We’re returning to Mel’s gorgeous New York State garden today.
I sent in a GPOD entry in March 2022: Mel’s Rustic Cabin Garden. This submission focused on the summer garden, and I decided it would be fun to share some more photos of my garden during my favorite time of the year—autumn. All of these photos are from September and October of 2021 and 2022.
The garden was started in 2003 and has evolved continually since then and will continue to do so. I think that older gardens are very challenging, as shrubs and trees can just outgrow their space or die. A few years back we lost tons of junipers and arborvitae in the Northeast, and I lost three huge junipers along the path to the front steps and had to hurriedly repair the damage before an Open Days Garden tour. Sometimes, forced change has some surprising and wonderful results. Losing the junipers opened up the view from the steps, and I added a little rock garden with a ‘Wolf Eyes’ kousa dogwood (Cornus kousa ‘Wolf Eyes’, Zones 5–8), Abies koreana ‘Ice Breaker’ (Zones 5–7), and Aralia cordata ‘Sun King’ (Zones 4–8), among other things (image 5).
I love the fall garden! There is so much color added with the foliage both in the garden and the borrowed view, the weeds slow down, and some browning and drying out looks right!
From the porch with the red maples (Acer rubrum, Zones 3–9) blazing in the background you can see the ‘Bobo’ hydrangea (Hydrangea paniculata ‘Bobo’, Zones 3–8) and ‘Bloodgood’ maple (Acer palmatum ‘Bloodgood’, Zones 5–9) clearly. A climbing hydrangea (Hydrangea anomala, Zones 4–8) is in the foreground, and the porcupine grass (Miscanthus sinensis ‘Strictus’, Zones 5–9) is a standout at this time of the year.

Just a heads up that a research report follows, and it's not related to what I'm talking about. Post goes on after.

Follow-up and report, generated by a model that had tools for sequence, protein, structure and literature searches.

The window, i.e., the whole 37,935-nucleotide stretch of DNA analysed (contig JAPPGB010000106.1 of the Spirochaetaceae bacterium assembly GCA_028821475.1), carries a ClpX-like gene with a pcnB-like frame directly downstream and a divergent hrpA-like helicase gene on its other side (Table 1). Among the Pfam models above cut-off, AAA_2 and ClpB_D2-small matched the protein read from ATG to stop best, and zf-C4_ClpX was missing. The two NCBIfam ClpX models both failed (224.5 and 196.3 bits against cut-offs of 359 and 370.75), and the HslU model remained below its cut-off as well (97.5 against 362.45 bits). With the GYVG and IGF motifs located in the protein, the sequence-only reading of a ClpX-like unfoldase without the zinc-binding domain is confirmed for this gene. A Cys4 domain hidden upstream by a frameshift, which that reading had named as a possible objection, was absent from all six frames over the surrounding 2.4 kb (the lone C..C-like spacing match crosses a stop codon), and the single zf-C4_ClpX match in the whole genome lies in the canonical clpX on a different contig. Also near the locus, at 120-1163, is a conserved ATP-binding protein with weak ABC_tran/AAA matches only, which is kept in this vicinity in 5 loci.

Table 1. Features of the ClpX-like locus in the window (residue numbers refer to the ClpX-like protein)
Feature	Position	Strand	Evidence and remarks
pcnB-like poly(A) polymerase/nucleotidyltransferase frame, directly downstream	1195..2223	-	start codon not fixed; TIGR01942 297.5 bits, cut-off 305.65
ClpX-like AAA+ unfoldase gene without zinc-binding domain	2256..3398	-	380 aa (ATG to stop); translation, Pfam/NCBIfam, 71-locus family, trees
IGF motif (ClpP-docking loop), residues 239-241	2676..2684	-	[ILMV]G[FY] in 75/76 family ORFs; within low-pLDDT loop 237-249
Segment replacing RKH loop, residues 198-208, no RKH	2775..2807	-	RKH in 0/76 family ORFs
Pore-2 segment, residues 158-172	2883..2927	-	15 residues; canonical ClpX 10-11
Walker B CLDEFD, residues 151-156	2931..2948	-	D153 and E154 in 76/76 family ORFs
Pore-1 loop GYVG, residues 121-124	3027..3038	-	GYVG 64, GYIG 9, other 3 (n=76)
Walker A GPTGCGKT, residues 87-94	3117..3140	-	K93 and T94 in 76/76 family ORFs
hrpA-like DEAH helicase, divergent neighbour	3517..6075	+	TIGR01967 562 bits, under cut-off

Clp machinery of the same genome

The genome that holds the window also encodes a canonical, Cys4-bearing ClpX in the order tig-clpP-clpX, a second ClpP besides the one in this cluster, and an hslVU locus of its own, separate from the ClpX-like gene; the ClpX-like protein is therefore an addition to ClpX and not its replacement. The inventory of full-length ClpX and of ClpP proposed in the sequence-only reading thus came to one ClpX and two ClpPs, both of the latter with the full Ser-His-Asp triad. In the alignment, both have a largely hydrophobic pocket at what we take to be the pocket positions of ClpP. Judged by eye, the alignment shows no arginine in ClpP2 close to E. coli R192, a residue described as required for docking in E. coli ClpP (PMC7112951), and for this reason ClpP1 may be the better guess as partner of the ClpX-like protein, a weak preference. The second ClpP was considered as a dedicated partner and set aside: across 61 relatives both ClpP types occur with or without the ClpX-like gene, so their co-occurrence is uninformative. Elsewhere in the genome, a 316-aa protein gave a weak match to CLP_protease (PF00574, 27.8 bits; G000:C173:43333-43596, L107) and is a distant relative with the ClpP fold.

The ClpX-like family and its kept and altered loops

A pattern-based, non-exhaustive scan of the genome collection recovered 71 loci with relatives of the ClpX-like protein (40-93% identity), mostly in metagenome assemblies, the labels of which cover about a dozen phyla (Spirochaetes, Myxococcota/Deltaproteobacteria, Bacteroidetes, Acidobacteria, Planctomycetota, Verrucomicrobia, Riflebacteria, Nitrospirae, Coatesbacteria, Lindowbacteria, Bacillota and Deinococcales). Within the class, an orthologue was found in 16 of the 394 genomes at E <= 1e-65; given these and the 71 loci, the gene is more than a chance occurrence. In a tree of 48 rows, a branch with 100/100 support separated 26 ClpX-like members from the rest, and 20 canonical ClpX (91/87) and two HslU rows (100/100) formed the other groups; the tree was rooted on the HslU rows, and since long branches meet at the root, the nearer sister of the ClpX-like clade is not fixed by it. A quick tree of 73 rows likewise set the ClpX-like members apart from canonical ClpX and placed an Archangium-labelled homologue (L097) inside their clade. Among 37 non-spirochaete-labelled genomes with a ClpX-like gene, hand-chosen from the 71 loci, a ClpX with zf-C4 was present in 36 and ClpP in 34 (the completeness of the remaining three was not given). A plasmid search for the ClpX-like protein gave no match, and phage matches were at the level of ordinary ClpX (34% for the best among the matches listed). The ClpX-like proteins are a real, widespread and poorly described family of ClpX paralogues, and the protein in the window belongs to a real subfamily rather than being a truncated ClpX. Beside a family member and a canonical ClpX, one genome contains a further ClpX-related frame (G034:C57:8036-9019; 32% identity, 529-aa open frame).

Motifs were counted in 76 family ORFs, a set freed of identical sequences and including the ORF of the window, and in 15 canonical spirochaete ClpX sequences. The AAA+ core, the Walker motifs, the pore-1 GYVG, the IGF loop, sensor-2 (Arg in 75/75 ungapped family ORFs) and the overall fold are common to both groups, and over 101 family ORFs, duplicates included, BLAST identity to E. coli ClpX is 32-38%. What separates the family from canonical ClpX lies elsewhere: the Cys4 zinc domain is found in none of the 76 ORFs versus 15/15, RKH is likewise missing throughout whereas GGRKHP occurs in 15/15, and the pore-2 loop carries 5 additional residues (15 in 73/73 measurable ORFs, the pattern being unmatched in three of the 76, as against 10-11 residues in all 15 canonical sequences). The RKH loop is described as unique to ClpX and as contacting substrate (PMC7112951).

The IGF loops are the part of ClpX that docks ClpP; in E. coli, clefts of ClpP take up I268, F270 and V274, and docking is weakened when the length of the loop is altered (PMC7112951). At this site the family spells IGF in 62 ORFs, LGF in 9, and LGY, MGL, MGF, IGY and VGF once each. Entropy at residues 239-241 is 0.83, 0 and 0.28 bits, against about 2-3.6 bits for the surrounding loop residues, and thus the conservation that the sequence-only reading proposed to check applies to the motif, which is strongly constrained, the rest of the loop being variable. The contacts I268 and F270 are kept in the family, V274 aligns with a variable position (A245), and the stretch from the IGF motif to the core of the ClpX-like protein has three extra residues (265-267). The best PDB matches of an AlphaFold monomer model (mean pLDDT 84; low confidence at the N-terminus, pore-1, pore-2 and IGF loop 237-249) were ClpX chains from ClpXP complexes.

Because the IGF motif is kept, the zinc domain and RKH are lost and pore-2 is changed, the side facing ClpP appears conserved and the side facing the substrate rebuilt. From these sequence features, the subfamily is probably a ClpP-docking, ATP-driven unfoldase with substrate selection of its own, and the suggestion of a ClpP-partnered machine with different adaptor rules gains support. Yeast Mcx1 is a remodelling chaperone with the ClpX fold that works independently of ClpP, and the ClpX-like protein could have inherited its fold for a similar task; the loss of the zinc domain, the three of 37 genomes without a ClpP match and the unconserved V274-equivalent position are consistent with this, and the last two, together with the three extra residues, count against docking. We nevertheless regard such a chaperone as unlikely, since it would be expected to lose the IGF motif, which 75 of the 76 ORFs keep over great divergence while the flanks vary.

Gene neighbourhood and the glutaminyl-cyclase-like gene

Down the path from the parking court to the steps through the conifer shade garden—which is dominated by a large Juniperus chinensis ‘Hetzii Columnaris’ (Zones 4–9)—there is a Picea abies ‘Gold Drift’ (Zones 2–7) next to the fence in front of the showy ‘Bobo’ hydrangea.
This photo was taken on September 13 and looks down the central path in the garden, with the ‘Bobo’ hydrangea in the front and my beloved Heuchera villosa ‘Autumn Bride’ (Zones 3–8), the newish ‘Lemony Lace’ elderberry (Sambucus nigra ‘Lemony Lace’, Zones 5–7), and the persistent black-eyed Susans (Rudbeckia fulgida, Zones 3–8) leaning out into the path. The slightly unusual Spodiopogon sibiricus (Zones 5–9) in the middle left of the photo is one of my favorites; it had been there for a decade and died back to almost nothing in the winter of 2021 with no rhyme or reason. The gangly tree in the back is a staghorn sumac (Rhus typhina, Zones 3–8) that volunteered in 2007 and that I have nurtured and pruned ever since. I love it, and so do the birds, which I can watch from my upstairs bedroom window.
Facing the house through the ‘Lemony Lace’, once again there is the show-off ‘Bobo’, as well as a ‘Pink Diamond’ tree-form hydrangea (Hydrangea paniculata ‘Pink Diamond) next to the steps and a Pieris ‘Brouwers’s Beauty’ (Zones 5–8) next to it. I love ‘Brouwers’s Beauty’ but gave up on them in my designs because they rarely do well. The tree on the left is a variegated Norway maple (Acer platanoides, Zones 3–7) that I prune to keep it at a reasonable size.
On my porch is an Abutilon (Zones 8–11 or as an annual or a houseplant) in a container. Another red maple is showing off in the distance.